Certainly inspired by the success of Harriet Beecher Stowe’s Uncle Tom’s Cabin, Brown’s Clotel resembles his autobiographical work in its appropriation of tales and vignettes from a broad spectrum of anti-slavery literature. Arguably, the novel was the form best suited to Brown’s purpose; he had a story that was as difficult to tell as it was to believe. Every anecdote, every possible variation on the theme of human beings in chattel slavery would find its way into Brown’s novel. Clotel drew on the widely-held belief that Thomas Jefferson had several children with his slave Sally Hemmings; Brown also used excerpts from his own narrative and the work of others in the composition of Clotel. The most anthologized chapter is “The Escape of Clotel,” wherein the heroine disguises herself as a Southern gentleman and escapes with fellow fugitive, William, who plays the role of his slave. Clotel’s leap into the Potomac to avoid recapture, against the background of the nation’s Capital, makes the larger point with a searing image. For generations readers have pointed to the novel’s failings. But that Brown was the first African American to use the novel, a popular form, to represent American slavery attests to his resourcefulness and ambition. Three Years in Europe began as a series of letters on his experience in Europe for Frederick Douglass’s journal, North Star. Brown’s experiences abroad argue that the absence of slavery made it possible for black and white people to live harmoniously under the same flag.

In 1854, Ellen Richardson successfully negotiated Brown’s manumission and in August of that year, he returned to Boston and to work for abolition. Brown wrote and began to perform two plays as part of his public appearances for MASS. “Experience” was never published, but The Escape; or A Leap for Freedom (1858) is arguably his best literary work. In part the play succeeds because of the author’s growing literary depth of experience: Brown had developed the characters and themes in his other works; for instance, the crafty slave picaro Cato is a version of himself in the Narrative. As important, the dramatic format imposed a discipline that illuminated the best features of his writing. Although it was not the first play written, published, and performed by an African American (that honor goes to francophone free man of color Victor Séjour for The Jew of Seville in 1844), The Escape is one of the earliest in the African-American canon.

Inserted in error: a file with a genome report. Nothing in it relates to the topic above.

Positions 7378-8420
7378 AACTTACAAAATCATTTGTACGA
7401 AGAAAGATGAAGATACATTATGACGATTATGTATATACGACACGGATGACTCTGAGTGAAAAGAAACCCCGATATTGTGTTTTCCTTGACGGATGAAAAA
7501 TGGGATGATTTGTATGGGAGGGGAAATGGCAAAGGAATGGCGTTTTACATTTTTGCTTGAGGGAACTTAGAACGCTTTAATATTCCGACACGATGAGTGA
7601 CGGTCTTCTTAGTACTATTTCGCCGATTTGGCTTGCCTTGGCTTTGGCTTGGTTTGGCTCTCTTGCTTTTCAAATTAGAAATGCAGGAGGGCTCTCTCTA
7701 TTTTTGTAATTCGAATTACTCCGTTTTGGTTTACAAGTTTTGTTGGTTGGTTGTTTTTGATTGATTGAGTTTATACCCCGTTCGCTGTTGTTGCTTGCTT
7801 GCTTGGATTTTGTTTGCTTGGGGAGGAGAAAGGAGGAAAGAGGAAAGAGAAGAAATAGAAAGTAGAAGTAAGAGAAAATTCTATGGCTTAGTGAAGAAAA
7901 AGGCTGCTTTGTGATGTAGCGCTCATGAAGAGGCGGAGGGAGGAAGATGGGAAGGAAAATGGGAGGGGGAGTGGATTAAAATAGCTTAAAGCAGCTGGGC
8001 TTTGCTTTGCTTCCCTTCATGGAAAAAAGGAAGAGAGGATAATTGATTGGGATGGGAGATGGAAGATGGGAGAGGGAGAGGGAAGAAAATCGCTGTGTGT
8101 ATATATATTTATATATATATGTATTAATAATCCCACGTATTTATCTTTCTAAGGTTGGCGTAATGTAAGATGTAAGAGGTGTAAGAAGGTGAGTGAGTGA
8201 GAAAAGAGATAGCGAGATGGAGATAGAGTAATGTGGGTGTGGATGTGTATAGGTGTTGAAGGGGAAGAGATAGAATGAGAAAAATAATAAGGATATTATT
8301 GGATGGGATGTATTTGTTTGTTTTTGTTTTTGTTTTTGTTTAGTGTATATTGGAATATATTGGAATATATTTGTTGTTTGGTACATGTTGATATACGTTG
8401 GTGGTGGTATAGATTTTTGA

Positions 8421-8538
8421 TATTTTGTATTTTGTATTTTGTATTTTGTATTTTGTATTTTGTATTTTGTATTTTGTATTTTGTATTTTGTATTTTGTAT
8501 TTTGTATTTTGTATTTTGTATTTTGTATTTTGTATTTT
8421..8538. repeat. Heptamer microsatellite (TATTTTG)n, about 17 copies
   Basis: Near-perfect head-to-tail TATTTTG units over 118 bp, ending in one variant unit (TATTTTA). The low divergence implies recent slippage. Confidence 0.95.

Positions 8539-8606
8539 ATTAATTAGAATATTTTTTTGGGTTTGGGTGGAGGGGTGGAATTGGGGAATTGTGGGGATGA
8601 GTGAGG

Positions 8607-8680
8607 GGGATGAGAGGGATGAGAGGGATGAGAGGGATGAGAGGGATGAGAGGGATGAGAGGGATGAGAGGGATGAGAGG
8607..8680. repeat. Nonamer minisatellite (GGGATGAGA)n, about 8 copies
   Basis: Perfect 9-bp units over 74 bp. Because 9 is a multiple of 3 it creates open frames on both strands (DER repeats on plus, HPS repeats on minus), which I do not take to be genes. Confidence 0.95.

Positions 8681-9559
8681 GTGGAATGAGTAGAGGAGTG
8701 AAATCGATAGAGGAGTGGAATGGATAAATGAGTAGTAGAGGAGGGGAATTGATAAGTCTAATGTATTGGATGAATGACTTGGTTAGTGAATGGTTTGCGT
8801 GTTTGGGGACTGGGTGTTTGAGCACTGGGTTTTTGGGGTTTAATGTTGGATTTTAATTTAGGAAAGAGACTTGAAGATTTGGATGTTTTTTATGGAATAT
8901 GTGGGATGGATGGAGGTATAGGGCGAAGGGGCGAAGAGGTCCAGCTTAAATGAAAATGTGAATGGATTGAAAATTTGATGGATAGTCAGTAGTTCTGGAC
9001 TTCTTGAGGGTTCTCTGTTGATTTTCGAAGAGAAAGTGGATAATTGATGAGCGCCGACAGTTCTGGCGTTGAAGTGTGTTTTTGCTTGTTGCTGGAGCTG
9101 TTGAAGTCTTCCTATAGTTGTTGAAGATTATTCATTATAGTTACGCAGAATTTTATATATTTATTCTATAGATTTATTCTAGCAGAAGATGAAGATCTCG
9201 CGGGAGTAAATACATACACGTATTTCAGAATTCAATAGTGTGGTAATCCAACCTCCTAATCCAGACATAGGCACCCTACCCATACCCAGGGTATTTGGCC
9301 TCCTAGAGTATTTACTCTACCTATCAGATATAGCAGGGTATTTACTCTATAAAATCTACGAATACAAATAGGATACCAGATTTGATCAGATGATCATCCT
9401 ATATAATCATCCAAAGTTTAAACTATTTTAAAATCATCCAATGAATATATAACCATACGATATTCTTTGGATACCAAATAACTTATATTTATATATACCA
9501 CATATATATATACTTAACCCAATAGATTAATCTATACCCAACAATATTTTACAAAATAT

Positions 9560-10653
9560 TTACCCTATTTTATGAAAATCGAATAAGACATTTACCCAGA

In the last two decades of his life Brown continued to lecture and publish. In addition to a third and fourth edition of Clotel, he published three works of African-American history: The Black Man (1862), The Negro in the American Rebellion: His Heroism and His Fidelity (1867), The Rising Son: or, the Antecedents and Advancement of the Colored Race (1873), and a memoir of a return to the South during Reconstruction, My Southern Home (1880). Ezra Greenspan’s detailed, elegantly written, William Wells Brown: An African American Life, informs and invites us to marvel at the remarkable life and legacy of this African-American original.